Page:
Terenure (Irish: Tír an Iúir, meaning "land of the yew tree") is a mainly residential suburb of Dublin, Ireland, largely in the administrative area of Dublin City Council but with parts in the administrative county of South Dublin (within the Terenure-Templeogue electoral area).
Terenure is a suburb of Dublin and straddles the administrative areas of Dublin City Council and South Dublin County Council. It is located south of Harold's Cross and north of Rathfarnham, and also borders the suburbs of Templeogue, Rathgar, Kimmage and Perrystown.
Terenure Cross (Vaughan's Corner) was at one time a terminus for the city trams, and this is mentioned James Joyce's Ulysses (Episode 7, Aeolus). There were three tram depots in Terenure at one time, the main tram depot for the number 15 DUTC trams on Terenure Road East, another DUTC depot for number 16 trams on Rathfarnham Road, and the terminus of the Dublin & Blessington Steam Tramway on Templeogue Road. The modern tram system—the Luas—does not take in Terenure, but it is still served by the numbers 15, 15a and 16 bus, among others.
Terenure, Drimnagh and Kimmage, on the south side of Dublin City, were given to the Barnewell family by King John in 1215. The Barnewells gave some of the land to St John The Baptist Hospital outside Newgate, and Cromwell confiscated the remainder from them. Terenure passed through the hands of various owners since then, including what is now Terenure College (bought by the Carmelites in 1860). In the seventeenth century the main landowners were the Deane family, whose most notable member was Joseph Deane, Chief Baron of the Irish Exchequer; his estates later passed to the Bourne family. Fortfield House was built around 1785 by a later Chief Baron Barry Yelverton, 1st Viscount Avonmore.
The earliest reference to these areas can be found in Grant CCA-DCc-ChAnt/C/1206, a document in Canterbury Cathedral Archives, by which King Henry II granted the lands Terenure and Kimmage (Cheming)in Rathfarnham to Walter the goldsmith ('aurifauber') in 1175. It has not yet been established how the lands reverted to the crown within 40 years.
On February 2, 1941 during World War II, the German Luftwaffe bombed Terenure, injuring seven people and destroying two houses.
Schools within the Terenure area include St. Joseph's BNS (Boys National School), Presentation Primary school, Presentation College (was Presentation secondary school renamed in 2004), Terenure College and Our Lady's Secondary school.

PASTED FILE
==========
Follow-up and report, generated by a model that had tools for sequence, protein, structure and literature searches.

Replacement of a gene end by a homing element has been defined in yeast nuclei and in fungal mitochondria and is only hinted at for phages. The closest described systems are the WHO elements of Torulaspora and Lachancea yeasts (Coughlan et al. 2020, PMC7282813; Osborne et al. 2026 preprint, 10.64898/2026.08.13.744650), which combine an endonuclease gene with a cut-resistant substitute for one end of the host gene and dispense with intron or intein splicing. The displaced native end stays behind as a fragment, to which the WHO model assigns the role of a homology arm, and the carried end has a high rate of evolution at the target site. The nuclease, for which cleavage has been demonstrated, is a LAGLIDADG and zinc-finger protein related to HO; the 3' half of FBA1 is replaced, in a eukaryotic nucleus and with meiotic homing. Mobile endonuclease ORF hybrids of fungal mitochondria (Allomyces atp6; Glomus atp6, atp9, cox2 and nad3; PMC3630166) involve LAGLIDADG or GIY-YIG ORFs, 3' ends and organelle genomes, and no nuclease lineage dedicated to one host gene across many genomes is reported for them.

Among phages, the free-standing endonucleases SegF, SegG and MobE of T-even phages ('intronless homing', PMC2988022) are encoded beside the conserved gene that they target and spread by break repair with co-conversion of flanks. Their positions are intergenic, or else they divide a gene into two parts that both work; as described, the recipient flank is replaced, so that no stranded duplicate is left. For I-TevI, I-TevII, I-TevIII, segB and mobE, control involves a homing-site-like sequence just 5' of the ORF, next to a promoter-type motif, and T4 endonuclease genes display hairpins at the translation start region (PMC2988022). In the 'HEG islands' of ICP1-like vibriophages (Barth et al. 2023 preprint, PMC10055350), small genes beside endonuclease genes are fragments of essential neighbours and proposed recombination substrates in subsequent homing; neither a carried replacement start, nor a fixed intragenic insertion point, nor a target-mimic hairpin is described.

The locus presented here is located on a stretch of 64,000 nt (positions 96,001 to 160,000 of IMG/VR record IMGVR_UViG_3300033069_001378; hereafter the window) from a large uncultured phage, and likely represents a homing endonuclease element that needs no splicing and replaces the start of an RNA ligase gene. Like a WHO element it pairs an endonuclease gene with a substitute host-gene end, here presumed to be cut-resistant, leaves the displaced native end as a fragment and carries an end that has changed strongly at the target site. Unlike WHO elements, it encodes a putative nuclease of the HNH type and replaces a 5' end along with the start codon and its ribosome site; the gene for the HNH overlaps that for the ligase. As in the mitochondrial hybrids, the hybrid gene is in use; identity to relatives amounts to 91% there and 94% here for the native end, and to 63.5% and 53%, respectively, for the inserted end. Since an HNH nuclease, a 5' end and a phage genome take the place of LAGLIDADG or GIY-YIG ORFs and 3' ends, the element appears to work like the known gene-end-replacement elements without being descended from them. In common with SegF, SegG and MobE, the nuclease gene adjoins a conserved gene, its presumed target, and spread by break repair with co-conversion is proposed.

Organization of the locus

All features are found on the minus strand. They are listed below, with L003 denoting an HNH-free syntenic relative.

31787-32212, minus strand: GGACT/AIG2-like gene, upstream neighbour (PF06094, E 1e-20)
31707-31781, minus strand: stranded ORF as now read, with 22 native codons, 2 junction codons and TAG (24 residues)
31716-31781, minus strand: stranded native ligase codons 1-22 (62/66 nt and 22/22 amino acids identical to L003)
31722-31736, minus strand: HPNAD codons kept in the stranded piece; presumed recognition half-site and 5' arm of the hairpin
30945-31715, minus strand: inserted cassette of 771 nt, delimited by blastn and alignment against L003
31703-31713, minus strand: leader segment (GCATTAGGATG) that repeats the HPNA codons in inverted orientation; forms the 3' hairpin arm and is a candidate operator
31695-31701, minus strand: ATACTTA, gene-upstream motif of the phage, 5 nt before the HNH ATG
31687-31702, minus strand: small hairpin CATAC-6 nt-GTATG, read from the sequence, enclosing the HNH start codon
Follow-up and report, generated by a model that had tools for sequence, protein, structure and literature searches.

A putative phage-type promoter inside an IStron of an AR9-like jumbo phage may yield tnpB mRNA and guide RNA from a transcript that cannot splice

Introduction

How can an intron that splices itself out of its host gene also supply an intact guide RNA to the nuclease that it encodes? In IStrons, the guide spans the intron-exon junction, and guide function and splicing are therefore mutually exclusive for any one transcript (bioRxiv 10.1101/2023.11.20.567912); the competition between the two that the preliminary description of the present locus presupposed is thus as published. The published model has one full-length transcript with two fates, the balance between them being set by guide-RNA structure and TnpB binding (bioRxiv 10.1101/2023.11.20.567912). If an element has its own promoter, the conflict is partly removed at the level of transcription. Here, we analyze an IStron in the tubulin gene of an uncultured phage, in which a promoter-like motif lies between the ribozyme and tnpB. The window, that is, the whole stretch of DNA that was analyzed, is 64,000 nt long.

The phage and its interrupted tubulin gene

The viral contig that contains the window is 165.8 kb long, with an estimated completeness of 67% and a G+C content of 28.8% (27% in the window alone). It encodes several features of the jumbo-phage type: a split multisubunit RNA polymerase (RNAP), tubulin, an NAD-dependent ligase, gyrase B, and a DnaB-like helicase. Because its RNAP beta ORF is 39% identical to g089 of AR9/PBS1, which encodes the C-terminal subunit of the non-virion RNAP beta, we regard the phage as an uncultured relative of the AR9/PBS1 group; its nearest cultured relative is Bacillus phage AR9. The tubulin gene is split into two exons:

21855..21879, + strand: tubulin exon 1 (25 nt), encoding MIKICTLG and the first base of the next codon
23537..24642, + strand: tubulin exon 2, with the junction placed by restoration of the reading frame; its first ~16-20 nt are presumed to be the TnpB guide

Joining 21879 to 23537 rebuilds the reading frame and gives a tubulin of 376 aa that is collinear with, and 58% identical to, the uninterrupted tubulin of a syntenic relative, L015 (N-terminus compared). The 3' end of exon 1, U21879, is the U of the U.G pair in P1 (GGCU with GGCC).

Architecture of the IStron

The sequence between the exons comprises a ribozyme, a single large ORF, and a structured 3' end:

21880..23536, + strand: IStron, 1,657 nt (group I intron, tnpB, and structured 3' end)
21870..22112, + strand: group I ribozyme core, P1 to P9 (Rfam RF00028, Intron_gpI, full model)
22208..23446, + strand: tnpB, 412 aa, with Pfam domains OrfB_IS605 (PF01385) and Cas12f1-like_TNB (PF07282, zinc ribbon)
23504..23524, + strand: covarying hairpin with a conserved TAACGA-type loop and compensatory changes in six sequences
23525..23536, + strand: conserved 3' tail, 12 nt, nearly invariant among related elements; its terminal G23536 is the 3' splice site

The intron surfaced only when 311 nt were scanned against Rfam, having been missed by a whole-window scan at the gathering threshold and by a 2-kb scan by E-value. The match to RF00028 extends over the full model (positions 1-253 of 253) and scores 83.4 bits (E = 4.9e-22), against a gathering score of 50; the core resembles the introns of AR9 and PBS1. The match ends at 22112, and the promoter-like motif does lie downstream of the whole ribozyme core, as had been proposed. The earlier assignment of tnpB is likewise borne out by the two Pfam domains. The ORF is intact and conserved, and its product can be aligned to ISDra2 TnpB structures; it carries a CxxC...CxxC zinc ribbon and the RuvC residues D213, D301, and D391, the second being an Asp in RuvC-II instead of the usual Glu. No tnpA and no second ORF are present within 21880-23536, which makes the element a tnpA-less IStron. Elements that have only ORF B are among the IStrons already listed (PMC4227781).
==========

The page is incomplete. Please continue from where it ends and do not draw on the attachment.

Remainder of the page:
The Catholic parish church of St. Joseph in Terenure is an impressive edifice with a stained glass window by Harry Clarke. St. Joseph's school is on the church grounds.
Along with Rathgar and the area around Portobello, Terenure has traditionally been the home of many of Dublin's Jewish population. Terenure Synagogue, Dublin's main synagogue (Orthodox) is on Rathfarnham Road.
The author James Joyce, who was born nearby at 41 Brighton Square in Rathgar on 2 February 1882, was baptised at St. Joseph's church on 5 February by Rev. John O'Mulloy. His mother, Mary Jane (May) Murray, was born 90 metres from the church at Terenure Cross in 1859 in the pub owned by her father, John Murray, called The Eagle House.
The village was home to actors, writers and musicians including Donal McCann and Máirtín Ó Direáin. Broadcaster Mike Murphy, Derek Daly former Formula One driver, comedian Dave Allen, Olympic boxer Mick Dowling, musicians Republic of Loose, Rob Smith, The Coronas and Grammy-winner Susan McKeown all hail from Terenure.
Terenure is the home of Terenure College RFC, a senior rugby club in Division 1A of the AIB All Ireland League.
Terenure Football Club provide schoolboy, schoolgirl and adult soccer for men and women to the surrounding area.
CYM Sports club is also in Terenure.
Terenure College is nicknamed "The Gick", particularly in a rugby context. "Gick" is Irish slang for excrement. The nickname is derived from the rhyming of "Terenure" and "manure".